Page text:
New figures published by Scottish Government on Monday showed record-breaking production of Scottish salmon in 2019.
The Scottish Fish Farm Production Survey for 2019 showed the sector farmed 203,881 tonnes of salmon last year, an increase of 30.7% on 2018.
Statistics from HMRC earlier this year also showed that 2019 exports of fresh Scottish salmon also achieved a record high with an increase of 26% to 94,000 tonnes.
Salmon is Scotland’s biggest food export.
Employment on salmon farms increased last year by 185 to 1,651.
“While 2020 has been an exceptionally challenging year due to coronavirus, the sector has ensured that all staff have been protected with a variety of safety measures and farming has continued,” said the Scottish Salmon Producers Organisation (SSPO).
“As a result of all these efforts production is estimated to grow again this year, to around 207,000 tonnes, according to the Scottish Government statistics.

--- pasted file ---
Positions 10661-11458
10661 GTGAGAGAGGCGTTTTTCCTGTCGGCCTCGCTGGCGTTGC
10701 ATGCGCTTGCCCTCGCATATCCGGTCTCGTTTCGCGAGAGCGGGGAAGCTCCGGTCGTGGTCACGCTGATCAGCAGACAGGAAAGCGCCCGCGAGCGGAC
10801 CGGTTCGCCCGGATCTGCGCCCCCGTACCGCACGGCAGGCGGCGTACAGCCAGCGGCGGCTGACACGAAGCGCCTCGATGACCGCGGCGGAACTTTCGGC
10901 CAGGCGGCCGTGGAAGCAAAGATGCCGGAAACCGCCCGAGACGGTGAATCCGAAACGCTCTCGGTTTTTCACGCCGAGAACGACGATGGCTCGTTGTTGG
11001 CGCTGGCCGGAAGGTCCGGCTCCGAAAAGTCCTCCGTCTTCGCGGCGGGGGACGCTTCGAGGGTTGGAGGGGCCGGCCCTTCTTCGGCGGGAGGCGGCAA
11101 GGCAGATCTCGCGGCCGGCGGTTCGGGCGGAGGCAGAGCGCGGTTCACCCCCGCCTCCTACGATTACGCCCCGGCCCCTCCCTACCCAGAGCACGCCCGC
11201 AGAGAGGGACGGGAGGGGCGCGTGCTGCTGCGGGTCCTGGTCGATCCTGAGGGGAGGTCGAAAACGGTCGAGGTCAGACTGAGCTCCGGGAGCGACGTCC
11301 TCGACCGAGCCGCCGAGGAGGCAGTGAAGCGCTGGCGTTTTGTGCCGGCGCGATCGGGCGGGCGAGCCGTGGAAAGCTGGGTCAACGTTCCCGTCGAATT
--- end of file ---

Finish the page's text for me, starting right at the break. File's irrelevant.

“While exports have been severely hampered by the impact of coronavirus, sales within the UK market have grown this year.”
Hamish Macdonell, Director of Strategic Engagement at the SSPO, said: “Our farmers achieved record production levels in 2019, employed more people and exported more around the world.
“In doing so, they injected significant sums into many of Scotland’s most sparsely populated rural areas and boosted the economy as a whole.”
Rural Economy Secretary Fergus Ewing said: “The latest figures show record levels of salmon being produced by fish farms with the finfish sector on track to achieve its sustainable growth target of 210,000 tonnes by 2020.
“With increased jobs and stock across all farmed fish I congratulate the sector for its efforts, delivering unprecedented production of this nutritious, quality seafood and creating more highly paid, highly skilled jobs in many of our most remote and fragile communities.
“I look forward to salmon maintaining its place as Scotland’s biggest food export, as a key contributor to our food and drink success story which in turn is supporting the wider supply chain.
“With the impact of coronavirus (COVID-19) and threats from Brexit, we will do all we can to support the sector and the benefits it brings, working to drive improvements in research, innovation and regulation to deliver further sustainable growth.”